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Park City Culinary Institute Blog

The Shallow Shaft above Alta

I was expecting a restaurant deep up a narrow canyon overlooking Alta. It was actually much easier to find Shallow Shaft, as it was just across the narrow road from Alta Lodge my first stop in town many years ago. I must have arrived in a snowstorm that night because when the shuttle dropped me off I had no idea there was anything else around. That’s how Alta feels, dark, open, a window to wild mountains. What a great surprise to learn there was a restaurant worth a visit just across the road from it. Even better, we were early for our reservation so we had an opportunity to have a drink first at the Alta Lodge.

Some of my favorite places for dinner are the ones with an interesting watering hole across the street. Robataya, in New York, serves Japanese food across from a sake bar called Decibel. Al di la, a well-loved restaurant in Brooklyn serves Italian food across from a French bistro, named Moutarde which is perfect for a glass of wine. Popular restaurants work well with good bars near them, having a place to wait makes it a lot easier to tell a customer they have to wait for an 8:30pm reservation. Knowing that we were going to have time to stop at the Sitzmark for a drink before dinner was a treat.

Sitzmark is a prohibition style bar hidden on the second floor of an inconspicuous hallway at the Alta Lodge. Opening six years after prohibition ended in the 1930’s, most people skiing at Alta wouldn’t even know it was there. Despite the secrecy, USA Today named it one of the “10 great places for apres ski” in North America. The aroma of spicy hot cider welcomes you as soon as you arrive, so we started with that and some whiskey. Their ginger ale tap wasn’t working so they suggested we try Sprite with Angastura bitters instead. A great twist with whiskey, going to try that one at home.

Our table at Shallow Shaft, which we were told was the best in the house, was ready so we climbed many stairs, crossed the street, and climbed many stairs again. High up overlooking the groomers who were shining their lights on Alta, we were seated at Peri’s table. Immediately I knew we were in good hands. It is rare to find a server who knows as much about the food as the Chef. He introduced the specials as if he had cooked them himself, not stumbling over a single ingredient or preparation.

The wine list we were handed was unusual. Neither Sean or I recognized any of the names, except for a few favorites that we knew we liked. From the few we recognized, it was clear the list was carefully selected. From the wines we didn’t recognize, I could tell the wine was being special purchased from outside of the State-controlled liquor supply. Takashi does this to have great sake. And it was impressive to see Shallow Shaft doing this too. Not only were they special ordering, but they arranged the wine menu in a very easy to read fun way. Each page only had about a dozen specially selected wines. There were French wines, then a page simply to include “interesting” wines. Absinthe was on a page by itself, and we watched the ceremony at the next table. It turned out our server was actually the sommelier, and had been working with Chef Kurtis Kraus since Metropolitan.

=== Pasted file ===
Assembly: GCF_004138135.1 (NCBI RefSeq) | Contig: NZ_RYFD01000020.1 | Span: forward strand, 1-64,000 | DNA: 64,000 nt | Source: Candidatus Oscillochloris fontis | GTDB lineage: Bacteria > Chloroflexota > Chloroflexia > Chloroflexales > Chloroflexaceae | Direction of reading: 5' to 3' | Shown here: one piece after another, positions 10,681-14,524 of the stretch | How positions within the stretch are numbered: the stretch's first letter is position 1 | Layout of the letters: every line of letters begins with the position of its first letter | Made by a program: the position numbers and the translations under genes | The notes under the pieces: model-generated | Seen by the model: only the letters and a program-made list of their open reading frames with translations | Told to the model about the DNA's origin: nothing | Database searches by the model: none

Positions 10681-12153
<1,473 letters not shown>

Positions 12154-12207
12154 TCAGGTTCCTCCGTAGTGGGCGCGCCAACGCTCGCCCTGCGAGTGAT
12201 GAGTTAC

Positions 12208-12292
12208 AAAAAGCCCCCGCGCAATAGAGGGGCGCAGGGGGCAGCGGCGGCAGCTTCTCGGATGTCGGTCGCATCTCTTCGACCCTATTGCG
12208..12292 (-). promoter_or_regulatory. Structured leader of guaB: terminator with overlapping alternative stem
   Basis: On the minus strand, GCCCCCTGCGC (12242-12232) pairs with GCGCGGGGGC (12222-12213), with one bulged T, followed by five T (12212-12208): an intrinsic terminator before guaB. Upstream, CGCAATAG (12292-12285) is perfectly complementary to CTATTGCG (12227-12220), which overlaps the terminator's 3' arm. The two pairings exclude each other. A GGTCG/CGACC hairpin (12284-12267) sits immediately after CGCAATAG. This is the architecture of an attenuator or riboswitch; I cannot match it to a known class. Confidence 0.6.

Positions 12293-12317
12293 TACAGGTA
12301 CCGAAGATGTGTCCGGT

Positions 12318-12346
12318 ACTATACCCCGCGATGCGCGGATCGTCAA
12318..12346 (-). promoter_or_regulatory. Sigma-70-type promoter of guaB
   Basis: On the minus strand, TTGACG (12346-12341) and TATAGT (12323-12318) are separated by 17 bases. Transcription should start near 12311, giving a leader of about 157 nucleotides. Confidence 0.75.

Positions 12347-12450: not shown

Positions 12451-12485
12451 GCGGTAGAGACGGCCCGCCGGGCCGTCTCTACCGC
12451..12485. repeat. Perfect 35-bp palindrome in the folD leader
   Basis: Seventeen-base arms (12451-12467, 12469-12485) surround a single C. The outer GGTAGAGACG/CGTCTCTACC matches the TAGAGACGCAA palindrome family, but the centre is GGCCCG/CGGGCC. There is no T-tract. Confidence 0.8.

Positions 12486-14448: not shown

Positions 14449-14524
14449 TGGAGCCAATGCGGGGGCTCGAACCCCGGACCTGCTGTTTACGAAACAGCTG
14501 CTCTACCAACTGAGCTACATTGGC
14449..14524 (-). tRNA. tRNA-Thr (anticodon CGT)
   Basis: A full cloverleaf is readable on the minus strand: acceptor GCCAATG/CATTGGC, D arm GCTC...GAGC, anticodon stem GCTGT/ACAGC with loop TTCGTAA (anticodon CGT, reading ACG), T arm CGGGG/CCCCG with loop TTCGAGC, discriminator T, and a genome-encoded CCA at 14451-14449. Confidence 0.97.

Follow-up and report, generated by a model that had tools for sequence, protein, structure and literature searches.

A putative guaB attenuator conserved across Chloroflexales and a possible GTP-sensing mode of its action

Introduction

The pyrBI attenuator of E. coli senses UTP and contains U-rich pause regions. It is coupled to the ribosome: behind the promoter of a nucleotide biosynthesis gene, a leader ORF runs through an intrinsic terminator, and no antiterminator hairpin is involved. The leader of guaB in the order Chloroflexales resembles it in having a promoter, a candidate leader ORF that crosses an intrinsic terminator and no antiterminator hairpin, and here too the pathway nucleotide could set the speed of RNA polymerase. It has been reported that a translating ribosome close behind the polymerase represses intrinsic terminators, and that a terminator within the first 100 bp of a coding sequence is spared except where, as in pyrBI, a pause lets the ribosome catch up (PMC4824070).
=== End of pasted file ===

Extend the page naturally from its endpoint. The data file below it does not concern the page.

The menu included a list of local purveyors, that went beyond the usual. Sean ordered a potato soup and the steak and I had trout cakes and fried quail. The best dish was the potato soup, which was hearty with fresh green vegetables and perfectly cut carrots in a small square bowl. There were some other tasty bits on top for flavor and texture. The food I ordered was good, but I think the restaurant was going too far to appease Utah diners. One or two trout cakes would have been perfect, serving four was a bit much for an appetizer. Seeing Quail on the menu was a great surprise, but frying it reduced it from a special treat to an ordinary, if tasty, chicken dinner. The special Sean ordered was a Steak Oscar, which included fresh crab on a steak served with bearnaise sauce. The steak was good, and right away, I was impressed with the preparation of the broccolini, perfectly cooked and probably blanched to enhance its natural color.

Not long from now Shallow Shaft will be renovating. Curious what they do in their terrific location. I know each time I return to Alta, I’ll be hoping to stop at Sitzmark and Shallow Shaft because I can’t imagine a more perfect way to end a perfect day.

March 15, 2014